Who is caring for the young carers?

Posted by / Friday 09 June 2017 / Young Carers
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Children and young people who have to care for someone often have to deal with responsibilities way above others their age.

Young carers have to do a lot of adult things such as cooking dinner every day for the whole family.

If they didn’t do it, no one would eat. That's a lot of responsibility for a child of 8 years old.

Growing up with this kind of responsibility can be isolating and young carers shouldn’t have to deal with it all on their own. 

Rhian Bennett, who is a support officer for Young Carers, gives us an insight into what life can be like for a young carer.


Missing out on parties 

A high percentage of young carers are bullied at school. They often find they’re not able to talk about their care roles with their friends at school.

Friends at school don’t understand if they can’t come out at weekends, or go to parties or, go out after school. There isn’t that understanding there for other children and young people because they don’t have to deal with the same level of responsibility.

We work with a lot of young carers who are late for school because they might have been up all night caring for someone or they might have had to take their brother and sister to school in the morning first.

They might struggle to get homework in on time and can be often tired because of their many extra responsibilities.

By coming to a young carers group, the young carers are able to meet other people in the same situation as them. These groups mean that once every 3 weeks, young carers get a break. It might be the only time they get away from their care role but they’re with people who understand exactly what they’re going through.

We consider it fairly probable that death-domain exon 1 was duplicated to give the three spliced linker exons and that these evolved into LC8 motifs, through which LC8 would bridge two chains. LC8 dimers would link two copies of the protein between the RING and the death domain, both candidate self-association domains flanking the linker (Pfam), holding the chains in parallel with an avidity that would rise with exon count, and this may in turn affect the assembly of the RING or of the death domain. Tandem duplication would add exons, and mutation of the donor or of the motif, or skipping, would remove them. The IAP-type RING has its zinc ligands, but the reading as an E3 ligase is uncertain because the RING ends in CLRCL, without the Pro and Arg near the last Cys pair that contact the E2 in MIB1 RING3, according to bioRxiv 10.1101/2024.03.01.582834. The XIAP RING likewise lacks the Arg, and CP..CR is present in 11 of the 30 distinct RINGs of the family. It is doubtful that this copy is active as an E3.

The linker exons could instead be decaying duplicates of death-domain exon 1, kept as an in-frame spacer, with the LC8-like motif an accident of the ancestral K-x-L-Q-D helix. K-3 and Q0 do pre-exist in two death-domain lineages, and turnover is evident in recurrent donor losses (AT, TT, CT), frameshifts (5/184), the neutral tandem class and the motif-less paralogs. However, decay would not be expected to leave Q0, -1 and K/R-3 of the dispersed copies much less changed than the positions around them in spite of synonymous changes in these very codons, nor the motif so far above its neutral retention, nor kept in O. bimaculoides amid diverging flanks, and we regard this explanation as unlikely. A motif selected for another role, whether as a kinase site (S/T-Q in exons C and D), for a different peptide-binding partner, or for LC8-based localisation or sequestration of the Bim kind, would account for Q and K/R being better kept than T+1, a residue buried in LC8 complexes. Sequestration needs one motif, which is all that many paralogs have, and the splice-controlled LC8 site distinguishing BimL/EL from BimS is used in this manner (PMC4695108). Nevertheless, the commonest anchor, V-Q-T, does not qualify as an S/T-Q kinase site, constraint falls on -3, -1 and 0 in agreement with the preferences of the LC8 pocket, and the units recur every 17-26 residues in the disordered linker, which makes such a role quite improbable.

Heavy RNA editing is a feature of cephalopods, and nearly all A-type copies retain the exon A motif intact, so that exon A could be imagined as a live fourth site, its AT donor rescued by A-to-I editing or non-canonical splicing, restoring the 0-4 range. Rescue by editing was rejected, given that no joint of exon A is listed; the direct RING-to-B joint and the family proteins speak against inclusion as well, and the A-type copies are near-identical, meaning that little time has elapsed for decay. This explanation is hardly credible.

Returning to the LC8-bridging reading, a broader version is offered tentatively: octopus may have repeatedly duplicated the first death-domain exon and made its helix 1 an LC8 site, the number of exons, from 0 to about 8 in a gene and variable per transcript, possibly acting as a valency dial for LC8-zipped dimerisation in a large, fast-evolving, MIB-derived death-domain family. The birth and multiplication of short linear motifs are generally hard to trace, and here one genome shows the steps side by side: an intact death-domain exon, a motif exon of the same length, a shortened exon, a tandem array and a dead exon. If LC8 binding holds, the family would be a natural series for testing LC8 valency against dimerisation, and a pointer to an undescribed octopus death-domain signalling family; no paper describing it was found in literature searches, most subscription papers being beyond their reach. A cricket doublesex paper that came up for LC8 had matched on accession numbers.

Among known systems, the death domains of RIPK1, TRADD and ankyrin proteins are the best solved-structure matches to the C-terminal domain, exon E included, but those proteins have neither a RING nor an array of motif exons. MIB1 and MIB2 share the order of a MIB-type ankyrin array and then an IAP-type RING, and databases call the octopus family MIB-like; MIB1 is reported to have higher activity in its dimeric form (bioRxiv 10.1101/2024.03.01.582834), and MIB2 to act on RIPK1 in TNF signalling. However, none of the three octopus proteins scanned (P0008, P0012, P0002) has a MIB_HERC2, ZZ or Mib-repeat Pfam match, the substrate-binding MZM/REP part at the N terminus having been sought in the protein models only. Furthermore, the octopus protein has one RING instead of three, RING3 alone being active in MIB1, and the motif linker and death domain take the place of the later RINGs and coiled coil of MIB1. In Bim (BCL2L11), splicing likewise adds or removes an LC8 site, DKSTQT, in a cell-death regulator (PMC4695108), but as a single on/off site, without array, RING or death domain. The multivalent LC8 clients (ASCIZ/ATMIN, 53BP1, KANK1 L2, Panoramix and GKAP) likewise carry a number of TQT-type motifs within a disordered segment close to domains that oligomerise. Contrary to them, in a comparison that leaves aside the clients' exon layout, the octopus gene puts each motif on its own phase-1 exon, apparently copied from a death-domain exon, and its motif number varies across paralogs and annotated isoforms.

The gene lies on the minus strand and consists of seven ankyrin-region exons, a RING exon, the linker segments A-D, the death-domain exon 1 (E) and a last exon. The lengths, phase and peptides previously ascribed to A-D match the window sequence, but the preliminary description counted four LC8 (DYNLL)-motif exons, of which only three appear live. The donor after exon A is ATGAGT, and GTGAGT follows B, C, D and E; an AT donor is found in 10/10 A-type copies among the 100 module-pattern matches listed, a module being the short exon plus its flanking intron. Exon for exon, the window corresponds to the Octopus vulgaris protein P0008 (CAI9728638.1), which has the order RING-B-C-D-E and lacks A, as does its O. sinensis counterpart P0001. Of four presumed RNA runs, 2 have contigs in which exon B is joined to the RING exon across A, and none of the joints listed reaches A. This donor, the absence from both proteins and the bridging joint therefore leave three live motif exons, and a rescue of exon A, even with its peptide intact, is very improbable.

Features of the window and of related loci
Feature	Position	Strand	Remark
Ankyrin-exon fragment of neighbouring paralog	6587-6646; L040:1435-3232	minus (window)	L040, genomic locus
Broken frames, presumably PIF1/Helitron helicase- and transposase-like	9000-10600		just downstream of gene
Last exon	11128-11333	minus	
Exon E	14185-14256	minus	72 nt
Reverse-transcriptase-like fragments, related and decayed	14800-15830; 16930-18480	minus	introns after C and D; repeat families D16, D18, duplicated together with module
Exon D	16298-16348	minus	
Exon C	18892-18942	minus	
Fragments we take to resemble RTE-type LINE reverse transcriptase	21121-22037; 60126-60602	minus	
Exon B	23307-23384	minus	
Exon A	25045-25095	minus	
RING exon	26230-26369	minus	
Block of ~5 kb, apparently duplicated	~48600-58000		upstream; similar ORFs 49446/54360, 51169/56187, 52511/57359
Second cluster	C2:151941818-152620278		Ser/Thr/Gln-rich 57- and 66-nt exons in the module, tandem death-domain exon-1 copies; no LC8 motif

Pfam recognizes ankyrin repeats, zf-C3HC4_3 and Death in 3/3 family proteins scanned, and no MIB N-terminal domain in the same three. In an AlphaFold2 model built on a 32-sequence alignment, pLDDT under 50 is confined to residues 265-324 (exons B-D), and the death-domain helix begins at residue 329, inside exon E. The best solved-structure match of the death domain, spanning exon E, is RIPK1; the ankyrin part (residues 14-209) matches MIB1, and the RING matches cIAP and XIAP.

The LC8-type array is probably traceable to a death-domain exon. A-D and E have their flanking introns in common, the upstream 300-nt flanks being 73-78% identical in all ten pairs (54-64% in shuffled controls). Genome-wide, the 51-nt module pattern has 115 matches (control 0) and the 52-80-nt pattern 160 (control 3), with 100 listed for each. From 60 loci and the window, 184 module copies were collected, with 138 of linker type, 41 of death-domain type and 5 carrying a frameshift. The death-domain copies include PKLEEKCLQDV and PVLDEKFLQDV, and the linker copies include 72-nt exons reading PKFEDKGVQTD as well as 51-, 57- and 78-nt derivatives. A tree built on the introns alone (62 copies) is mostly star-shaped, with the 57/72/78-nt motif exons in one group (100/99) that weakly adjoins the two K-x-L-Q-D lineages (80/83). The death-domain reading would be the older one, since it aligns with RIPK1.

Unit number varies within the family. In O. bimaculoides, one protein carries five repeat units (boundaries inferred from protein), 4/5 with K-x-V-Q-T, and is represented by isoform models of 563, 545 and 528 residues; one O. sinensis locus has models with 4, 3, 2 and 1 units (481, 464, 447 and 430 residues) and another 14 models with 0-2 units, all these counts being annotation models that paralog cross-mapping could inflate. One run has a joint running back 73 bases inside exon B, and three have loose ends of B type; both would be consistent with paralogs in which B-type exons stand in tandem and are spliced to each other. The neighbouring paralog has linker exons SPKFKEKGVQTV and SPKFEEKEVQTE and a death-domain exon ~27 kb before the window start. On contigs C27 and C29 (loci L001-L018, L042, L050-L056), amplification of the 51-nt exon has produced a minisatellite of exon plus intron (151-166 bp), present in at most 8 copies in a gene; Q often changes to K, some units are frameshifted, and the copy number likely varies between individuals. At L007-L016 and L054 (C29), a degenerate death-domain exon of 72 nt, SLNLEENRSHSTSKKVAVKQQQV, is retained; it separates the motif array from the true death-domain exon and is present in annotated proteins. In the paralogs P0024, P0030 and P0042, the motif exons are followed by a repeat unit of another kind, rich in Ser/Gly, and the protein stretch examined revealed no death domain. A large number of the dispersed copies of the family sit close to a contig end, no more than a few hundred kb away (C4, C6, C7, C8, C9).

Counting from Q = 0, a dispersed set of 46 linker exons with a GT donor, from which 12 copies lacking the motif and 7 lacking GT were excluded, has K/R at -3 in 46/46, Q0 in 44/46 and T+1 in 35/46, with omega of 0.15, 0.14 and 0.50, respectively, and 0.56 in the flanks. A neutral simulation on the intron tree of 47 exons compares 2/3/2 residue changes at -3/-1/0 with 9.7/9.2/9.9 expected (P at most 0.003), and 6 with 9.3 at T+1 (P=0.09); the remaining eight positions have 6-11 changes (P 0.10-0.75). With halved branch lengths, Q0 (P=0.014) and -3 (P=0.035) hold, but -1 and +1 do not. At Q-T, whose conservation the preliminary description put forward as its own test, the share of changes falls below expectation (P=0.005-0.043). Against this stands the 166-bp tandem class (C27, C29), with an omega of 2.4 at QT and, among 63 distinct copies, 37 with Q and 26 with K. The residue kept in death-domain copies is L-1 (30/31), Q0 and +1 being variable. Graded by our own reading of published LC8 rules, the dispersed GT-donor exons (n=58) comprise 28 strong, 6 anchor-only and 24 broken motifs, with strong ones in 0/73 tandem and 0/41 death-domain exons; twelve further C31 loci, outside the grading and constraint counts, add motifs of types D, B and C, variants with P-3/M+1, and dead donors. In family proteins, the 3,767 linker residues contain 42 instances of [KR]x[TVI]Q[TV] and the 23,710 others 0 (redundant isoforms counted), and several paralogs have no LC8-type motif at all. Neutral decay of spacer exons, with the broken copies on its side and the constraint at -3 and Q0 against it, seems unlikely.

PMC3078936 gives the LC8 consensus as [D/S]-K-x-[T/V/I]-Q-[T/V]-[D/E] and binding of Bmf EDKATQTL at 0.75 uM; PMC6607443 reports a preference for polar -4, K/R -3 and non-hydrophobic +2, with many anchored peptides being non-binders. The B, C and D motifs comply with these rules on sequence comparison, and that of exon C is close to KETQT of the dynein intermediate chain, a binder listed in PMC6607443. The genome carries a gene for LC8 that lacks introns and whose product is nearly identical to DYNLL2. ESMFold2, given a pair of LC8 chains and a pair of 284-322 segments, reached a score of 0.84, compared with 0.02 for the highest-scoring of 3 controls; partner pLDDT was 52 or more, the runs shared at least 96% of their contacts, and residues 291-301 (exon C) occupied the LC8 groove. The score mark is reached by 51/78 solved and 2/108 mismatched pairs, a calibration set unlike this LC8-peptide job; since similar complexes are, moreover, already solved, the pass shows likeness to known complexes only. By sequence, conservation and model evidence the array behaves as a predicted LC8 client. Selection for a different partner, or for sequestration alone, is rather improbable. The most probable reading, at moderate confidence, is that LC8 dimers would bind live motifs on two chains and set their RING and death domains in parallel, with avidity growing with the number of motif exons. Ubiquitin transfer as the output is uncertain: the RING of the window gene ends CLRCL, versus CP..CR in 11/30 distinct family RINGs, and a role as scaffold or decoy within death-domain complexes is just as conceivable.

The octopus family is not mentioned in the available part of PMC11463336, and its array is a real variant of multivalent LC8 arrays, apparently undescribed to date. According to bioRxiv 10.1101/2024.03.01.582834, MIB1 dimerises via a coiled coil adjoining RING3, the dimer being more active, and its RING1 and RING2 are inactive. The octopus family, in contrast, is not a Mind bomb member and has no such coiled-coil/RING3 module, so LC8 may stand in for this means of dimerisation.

One of my young carers rings me every now and then when he needs to moan about his mum.

He says things like "I’m not able to do that with my friends. If I moan they think I’m being horrible because my mum has a disability, but I just need to have someone who understands what I’m going through."

Having that support from other people their own age, going through the same thing, as well as having professionals you can talk to who understand the situation has a massive impact on the young people’s mental health.

"I’m not able to do that with my friends. If I moan they think I’m being horrible because my mum has a disability, but I just need to have someone who understands what I’m going through"

Young Carer
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Not alone

Without having the young carer support available, a lot of young carers wouldn't be able to go into further education or they might drop out of school altogether.

Often young carers struggle more in school and may come out with lower grades because so much of their time is dedicated to caring. They might get into trouble at school or they might be being bullied.

Without the support groups they might not have any time away from their care roles at all.


What the support means to them

Our support is tailored to each young carer we work with . If they need emotional support we do 121 peer mentor group. We help with training in confidence building, helping with social skills and their self-esteem.

We also help financially and can provide grants for families. If a young carer needs a new appliance like a washing machine, or they need new school uniform, or if they just needs some time away from their care role, we help apply for funding for them.

These incredible young people go above and beyond every day and services like this give them the support they need. Being a young carer shouldn’t mean you don’t get the same chance in life as everyone else.

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"I suffered with my own mental health for years - now I'm speaking up"

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